Tuesday, March 27, 2007

"Iraqi Volunteers, Iraqi Refugees: What is America's Obligation?"

I went to a House Foreign Affairs Subcommittee on the Middle East and South Asia hearing yesterday concerning the plight of the millions of displaced Iraqis, both within and outside Iraq. The panelists testimonies covered a number of topics: personal stories of Iraqi civilians who have aided the U.S. and therefore are facing extreme danger; the millions of Iraqis living outside of the country and the humanitarian crisis in which they find themselves; the challenges lawmakers must confront in backing legislation that funds acceleration of the resettlement process; as well as the need for the U.S. to finally come to terms with the humanitarian catastrophe in Iraq and accept the moral responsibility of addressing it.

The first panel consisted of Ellen Sauerbrey, Assistant Secretary of the Bureau of Population, Refugees, and Migration. The second panel was made up of Major General Paul D. Eaton; George Packer, staff writer at The New Yorker; Kristele Younes, refugee advocate at Refugees International; and a former employee of the U.S. embassy in Baghdad who, for security purposes, had to go by the alias "Sarah."

The common theme of the hearing was that it has taken the Administration and lawmakers far too long to acknowledge and address the suffering of displaced Iraqis, especially those who have risked their lives by working with American and Coalition forces. Assistant Secretary Sauerbrey attempted to explain why admitting Iraqi refugees into the U.S. is such a lengthy process and why the Administration has not taken legislative or monetary steps to provide relief and safety for the 3.9 million displaced Iraqis. She explained that the Presidential determination for resettlement this year is 70,000 inclusive, and that 10% of that--or 7,000 spots--is designated for Iraqis. Representative Mike Pence of Indiana, suggested that 7,000 is UNHCR's capacity for processing refugees, not ours. He went on to state that there is a nonpartisan consensus that the problem should be addressed and that questions should be asked.

Chairman Gary L. Ackerman of New York agreed, stating that if lawmakers and the Administration were serious about processing Iraqi refugees it could be done. Sauerbrey argued that since 9/11, and the Immigration of Nationality Act, the process has gotten much longer for Homeland Security to conduct security clearances. Four to six months is the average length of time for someone to go through the process of asylum.

Many obstacles are facing Iraqis as they seek refuge. For example, there is no way of processing IDPs for resettlement; they must first leave Iraq under extremely dangerous conditions and then apply through UNHCR in a neighboring country. If someone has paid a ransom for a kidnapped family member, or paid off the insurgency for their own lives, the U.S. considers this "providing material support to terrorists"and the individuals will not be granted visas under the provisions of the PATRIOT and Real ID Acts. Iraqis who worked or are still working with the U.S. are not allowed housing in the Green Zone, and no protection is given to them. Only 500 Special Immigrant Visas are given a year, and only to direct hires of the government; this is not including the countless Iraqis who worked for contractors and subcontractors.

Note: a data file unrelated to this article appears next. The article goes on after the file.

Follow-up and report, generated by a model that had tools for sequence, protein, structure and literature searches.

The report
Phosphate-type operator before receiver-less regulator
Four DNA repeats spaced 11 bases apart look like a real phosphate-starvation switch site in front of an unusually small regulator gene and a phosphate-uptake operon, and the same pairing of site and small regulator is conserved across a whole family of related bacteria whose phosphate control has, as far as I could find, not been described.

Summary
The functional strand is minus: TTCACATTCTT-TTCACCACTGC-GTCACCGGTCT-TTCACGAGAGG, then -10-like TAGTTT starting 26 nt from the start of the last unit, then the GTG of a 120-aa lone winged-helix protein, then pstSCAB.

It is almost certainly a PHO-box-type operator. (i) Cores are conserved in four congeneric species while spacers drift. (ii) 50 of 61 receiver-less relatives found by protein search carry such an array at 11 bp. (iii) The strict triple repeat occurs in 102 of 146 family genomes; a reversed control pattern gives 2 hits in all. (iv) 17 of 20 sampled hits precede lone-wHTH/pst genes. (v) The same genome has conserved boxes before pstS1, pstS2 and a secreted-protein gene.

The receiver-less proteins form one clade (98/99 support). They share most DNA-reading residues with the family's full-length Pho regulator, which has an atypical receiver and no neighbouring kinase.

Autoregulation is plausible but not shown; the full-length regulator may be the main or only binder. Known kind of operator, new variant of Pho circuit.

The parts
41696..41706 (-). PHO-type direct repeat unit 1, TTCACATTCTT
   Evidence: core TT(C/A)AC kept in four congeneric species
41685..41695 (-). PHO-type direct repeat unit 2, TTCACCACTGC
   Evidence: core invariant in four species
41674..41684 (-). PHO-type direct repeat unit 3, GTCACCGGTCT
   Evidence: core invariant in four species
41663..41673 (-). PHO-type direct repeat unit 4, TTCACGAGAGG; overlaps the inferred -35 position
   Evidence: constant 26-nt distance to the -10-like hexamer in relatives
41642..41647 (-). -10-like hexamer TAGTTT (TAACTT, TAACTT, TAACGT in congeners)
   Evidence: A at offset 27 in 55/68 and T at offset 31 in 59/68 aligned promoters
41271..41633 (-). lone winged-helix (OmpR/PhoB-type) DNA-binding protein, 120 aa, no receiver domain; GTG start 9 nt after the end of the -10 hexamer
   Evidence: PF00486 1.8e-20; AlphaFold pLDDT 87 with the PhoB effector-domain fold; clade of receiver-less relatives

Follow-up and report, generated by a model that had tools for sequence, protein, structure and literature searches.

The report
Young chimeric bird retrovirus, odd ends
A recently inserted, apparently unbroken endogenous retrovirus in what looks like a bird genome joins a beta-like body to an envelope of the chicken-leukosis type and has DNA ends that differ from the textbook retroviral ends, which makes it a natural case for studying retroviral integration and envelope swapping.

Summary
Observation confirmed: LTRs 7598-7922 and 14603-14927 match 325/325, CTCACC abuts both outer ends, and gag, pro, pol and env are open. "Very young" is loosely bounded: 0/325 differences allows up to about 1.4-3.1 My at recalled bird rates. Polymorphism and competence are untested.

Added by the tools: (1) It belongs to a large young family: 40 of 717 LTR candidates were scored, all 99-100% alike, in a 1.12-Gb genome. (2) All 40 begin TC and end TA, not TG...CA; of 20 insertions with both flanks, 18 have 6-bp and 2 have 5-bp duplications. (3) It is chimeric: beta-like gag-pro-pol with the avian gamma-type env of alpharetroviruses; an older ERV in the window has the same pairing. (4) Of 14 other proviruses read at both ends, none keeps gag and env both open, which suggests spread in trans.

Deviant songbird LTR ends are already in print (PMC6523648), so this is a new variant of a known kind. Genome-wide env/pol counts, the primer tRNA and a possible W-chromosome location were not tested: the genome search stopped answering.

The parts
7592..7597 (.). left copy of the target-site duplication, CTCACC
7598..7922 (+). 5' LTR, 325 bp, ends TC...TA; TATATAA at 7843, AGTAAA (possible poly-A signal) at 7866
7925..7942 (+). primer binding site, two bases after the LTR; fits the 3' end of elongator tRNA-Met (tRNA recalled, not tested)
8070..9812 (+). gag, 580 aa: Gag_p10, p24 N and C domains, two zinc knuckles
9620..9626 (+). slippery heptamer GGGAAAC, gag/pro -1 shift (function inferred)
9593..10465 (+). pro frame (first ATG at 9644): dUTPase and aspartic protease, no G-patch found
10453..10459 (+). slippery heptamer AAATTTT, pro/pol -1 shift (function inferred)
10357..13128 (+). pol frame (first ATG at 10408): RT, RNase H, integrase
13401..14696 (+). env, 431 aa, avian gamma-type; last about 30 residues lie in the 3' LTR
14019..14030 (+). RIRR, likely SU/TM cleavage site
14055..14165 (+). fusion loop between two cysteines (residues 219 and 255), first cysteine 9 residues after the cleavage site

Major General Eaton explained that 70,000 Chinese and 80,000 Indian immigrants were accepted into the United States in 2006. He urged lawmakers to immediately identify Iraqis who have helped the U.S. and grant them asylum, regardless of quotas. George Packer argued that, "We cannot allow more Iraqis to die while we fine-tune refugee settlement." His first recommendation was to make in-country processing available, or at the very least, to ensure safe transfer to neighboring countries. Kristele Younes warned lawmakers that the problem stretches farther than Iraqis who have aided U.S. efforts; the millions living in Syria and Jordan, and those displaced within the country should not be forgotten. She urged an increase in funding for local Iraqi and International NGOs, as well as fully endorsing UNHCR recommendations.

"Sarah" relayed her personal story of working with the U.S. and being hopeful that she would be a part of the liberation and democratization of Iraq. She now lives in Jordan, unable to return to her home in Iraq. She did not receive protection while working for the CPA, and was eventually fired when her job was given to a Jordanian citizen. Today, "Sarah" lives in fear, with nowhere to go; she is considered by many of her countrymen to be a traitor and a spy. She said that she does not regret having worked with the Americans in Iraq, only that she trusted the U.S. government, but they never trusted Iraqis.

Real initiatives must be taken to address the plight of the 3.9 million displaced Iraqis. General Eaton asked that our government act with the dignity and respect that the Iraqi people deserve. Chairman Ackerman explained that:
If the world's only superpower cannot protect Iraqis from the danger we put them in, then we are facing a bigger problem than I thought.
He stated that there must be funding and legislation put forth to back the rhetoric of concern coming from the Administration.

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